The Ninth Circuit had another go at the “local occurrence” exception in Allen v. Boeing Company, where it adhered to its prior precedent (Nevada) and criticized the Third Circuit’s broad characterization of “event or occurrence” as inconsistent with the common, ordinary understanding of those words.  784 F.3d 625, 628-31 (9th Cir. 2015).  The Ninth Circuit also suggested that its analysis did not significantly differ from the Fifth Circuit’s test, explaining that the Fifth Circuit’s “approach is neither helpful to Plaintiffs nor necessarily contrary to Nevada.”   The Allen court concluded that the plaintiffs had “challenge[d] several distinct actions” by the defendants and therefore pled themselves out of the “local occurrence” exception.
The Eleventh Circuit weighs in
Into this fray stepped the Eleventh Circuit with Spencer.  Spencer involves 229 individual plaintiffs, all former employees of the Grede Foundry in Bessemer, Alabama.  The plaintiffs filed suit in Alabama state court complaining about the use of the defendants’ products in two rooms at the foundry (the “core room” and the “foundry room”).  Plaintiffs alleged, among other things, that the 10 named defendants and up to 450 fictitious defendants violated Alabama law by giving unsafe directions for the use of their products and failing to adequately warn of the dangers of using them.  Although the plaintiffs claimed that all of their physical injuries manifested within the two-year statute of limitations (dating back to May 2016), the complaint and the affidavits plaintiffs later submitted indicated that the alleged misconduct occurred as far back as 2000.  
The defendants removed the action, contending that plaintiffs’ allegations met the definition of a mass action.  Plaintiffs sought remand, arguing that their claims satisfied the “local occurrence” exception.  The district court granted plaintiffs’ motion, reasoning in part that plaintiffs’ claims could be classified as local, environmental torts, which Congress had indicated should be excepted from CAFA’s scope.  The district court did not, however, attempt to determine whether plaintiffs’ claims constituted “an event or occurrence” under the statute.  
In Spencer, the Eleventh Circuit effectively adopted the Fifth Circuit’s Rainbow Gun Club test, rejecting the idea that the “local occurrence” exception “applies to only events or occurrences that take place at a singular moment in time.  But neither do we accept the Plaintiffs’ view that the local event exception applies to any continuing set of circumstances in a single location, regardless of when and how the harm came about.  We conclude that ‘an event or occurrence’ refers to a series of connected, harm-causing incidents that culminate in one event or occurrence giving rise to plaintiffs’ claims.”  Spencer, 2020 WL 1270276, No. 19-14427, at *3 (11th Cir. March 17, 2020).  In reaching that result, the Eleventh Circuit characterized the Ninth Circuit’s test (from Nevada and Allen) as “too cramped” while also suggesting that the Third Circuit’s much-broader view of “event or occurrence” would benefit from better-defined “guardrails” (like the Fifth Circuit’s insistence upon a single event that serves as a culminating, liability-triggering moment).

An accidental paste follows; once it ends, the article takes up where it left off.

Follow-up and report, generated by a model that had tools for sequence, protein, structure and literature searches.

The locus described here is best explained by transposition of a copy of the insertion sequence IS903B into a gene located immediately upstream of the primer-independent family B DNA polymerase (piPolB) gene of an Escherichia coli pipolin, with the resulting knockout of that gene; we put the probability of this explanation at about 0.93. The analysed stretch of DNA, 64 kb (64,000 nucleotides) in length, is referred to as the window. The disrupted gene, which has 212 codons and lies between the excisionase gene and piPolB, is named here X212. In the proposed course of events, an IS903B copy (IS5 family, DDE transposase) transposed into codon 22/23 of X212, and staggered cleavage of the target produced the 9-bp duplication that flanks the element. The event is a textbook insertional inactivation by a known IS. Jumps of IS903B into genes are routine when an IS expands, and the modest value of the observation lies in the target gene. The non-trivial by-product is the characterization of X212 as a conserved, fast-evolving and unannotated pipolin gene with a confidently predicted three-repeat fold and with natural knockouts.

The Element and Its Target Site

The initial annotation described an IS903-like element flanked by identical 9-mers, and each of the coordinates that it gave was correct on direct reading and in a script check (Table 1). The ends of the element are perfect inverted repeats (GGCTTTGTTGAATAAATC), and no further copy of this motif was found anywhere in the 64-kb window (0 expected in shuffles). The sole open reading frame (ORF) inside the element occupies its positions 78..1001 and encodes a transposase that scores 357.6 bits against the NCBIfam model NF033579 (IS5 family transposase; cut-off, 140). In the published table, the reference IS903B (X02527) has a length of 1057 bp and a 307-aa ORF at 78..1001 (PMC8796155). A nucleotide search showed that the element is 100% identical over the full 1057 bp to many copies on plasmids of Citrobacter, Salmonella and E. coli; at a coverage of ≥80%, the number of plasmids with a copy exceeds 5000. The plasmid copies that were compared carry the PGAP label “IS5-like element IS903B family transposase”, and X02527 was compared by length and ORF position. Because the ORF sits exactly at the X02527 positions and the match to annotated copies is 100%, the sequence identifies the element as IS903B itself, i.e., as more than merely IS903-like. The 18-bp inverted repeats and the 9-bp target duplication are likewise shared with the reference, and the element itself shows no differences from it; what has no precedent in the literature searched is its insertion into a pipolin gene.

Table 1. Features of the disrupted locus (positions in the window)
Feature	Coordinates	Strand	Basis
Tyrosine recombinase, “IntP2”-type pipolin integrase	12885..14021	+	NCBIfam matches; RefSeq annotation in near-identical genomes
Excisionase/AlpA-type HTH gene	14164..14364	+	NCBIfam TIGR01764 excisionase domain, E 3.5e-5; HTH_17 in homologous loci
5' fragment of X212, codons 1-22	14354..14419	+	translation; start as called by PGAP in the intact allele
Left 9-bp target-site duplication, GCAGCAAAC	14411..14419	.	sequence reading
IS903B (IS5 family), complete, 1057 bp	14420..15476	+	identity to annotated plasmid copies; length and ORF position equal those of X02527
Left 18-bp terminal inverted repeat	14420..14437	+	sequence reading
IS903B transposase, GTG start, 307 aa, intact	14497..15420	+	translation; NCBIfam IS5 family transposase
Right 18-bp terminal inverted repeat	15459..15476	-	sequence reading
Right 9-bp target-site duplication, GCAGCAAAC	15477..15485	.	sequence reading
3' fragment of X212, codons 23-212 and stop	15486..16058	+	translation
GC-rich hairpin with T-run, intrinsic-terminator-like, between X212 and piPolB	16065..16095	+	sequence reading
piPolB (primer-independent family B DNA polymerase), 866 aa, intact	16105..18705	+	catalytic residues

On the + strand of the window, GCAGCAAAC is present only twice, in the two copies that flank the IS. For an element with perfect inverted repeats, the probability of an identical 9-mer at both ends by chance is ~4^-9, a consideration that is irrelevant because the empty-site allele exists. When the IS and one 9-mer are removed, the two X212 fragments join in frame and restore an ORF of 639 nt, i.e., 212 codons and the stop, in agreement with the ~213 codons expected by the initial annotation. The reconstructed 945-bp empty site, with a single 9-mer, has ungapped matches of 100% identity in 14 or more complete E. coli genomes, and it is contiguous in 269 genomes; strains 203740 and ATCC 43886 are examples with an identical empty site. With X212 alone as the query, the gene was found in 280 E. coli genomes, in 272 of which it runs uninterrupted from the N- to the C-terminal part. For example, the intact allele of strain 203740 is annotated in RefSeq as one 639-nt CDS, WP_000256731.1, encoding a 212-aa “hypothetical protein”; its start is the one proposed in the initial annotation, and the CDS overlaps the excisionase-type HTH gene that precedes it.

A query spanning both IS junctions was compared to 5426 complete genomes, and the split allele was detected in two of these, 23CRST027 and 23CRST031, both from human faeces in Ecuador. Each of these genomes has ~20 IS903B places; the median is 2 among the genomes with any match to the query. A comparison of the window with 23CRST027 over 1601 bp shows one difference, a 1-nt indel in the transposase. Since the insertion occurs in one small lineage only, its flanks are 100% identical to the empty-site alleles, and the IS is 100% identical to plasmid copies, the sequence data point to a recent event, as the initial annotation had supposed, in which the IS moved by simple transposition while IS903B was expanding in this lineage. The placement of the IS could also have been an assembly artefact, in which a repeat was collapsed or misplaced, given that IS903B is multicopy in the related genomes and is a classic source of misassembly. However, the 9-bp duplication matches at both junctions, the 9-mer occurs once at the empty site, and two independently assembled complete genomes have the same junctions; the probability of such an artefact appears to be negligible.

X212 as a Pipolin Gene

Applying this new standard to the case before it, the Eleventh Circuit quickly dispatched the idea that the Spencer complaint alleged just one “event or occurrence,” explaining that, because the defendants’ products were “used in different ways and caused different harms,”  “[s]ome of the products were used in the core room and some were used in the foundry,” and the products were themselves different and used for different purposes, there could not be “one harm-causing event or occurrence.”  The court also pointed to plaintiffs’ inability to identify one specific “culminating harm-causing event” and the fact that the complaint “alleges a string of events over time and later-resulting harm.”  Ultimately, the court found the plaintiffs’ allegations lacking on three fronts: 1) no “connection among the Defendants”; 2) no “culminating event”; and 3) no “allegations that would reasonably constitute one ‘event or occurrence.’”  On this basis, the court vacated the ordering remanding the action to state court and remanded for further proceedings in the district court.  
What next?
Spencer certainly is not the last word in CAFA mass action litigation.  Although the Eleventh Circuit decisively affirmed the wisdom of Rainbow Gun Club, it did not clearly reject the Third Circuit’s broader formulation of the “local occurrence” exception.  Moreover, although the court did not find the Ninth Circuit’s standard convincing, it did not say anything that would prohibit a future court of appeals from adopting a similar discrete-event standard.  Thus, Spencer leaves room for another court of appeals to try and synthesize these three approaches … or for the Supreme Court to step in and resolve the apparent circuit split.  
Lightfoot has a dedicated team of products liability lawyers who stand ready to defend our clients in class action and multidistrict litigation proceedings throughout the country.  We are excited about the result in Spencer and look forward to expanding upon this success. 

To read more analysis of class actions pertaining to the products clients, subscribe to our series Top 10 Q&A for Product Liability Class Actions.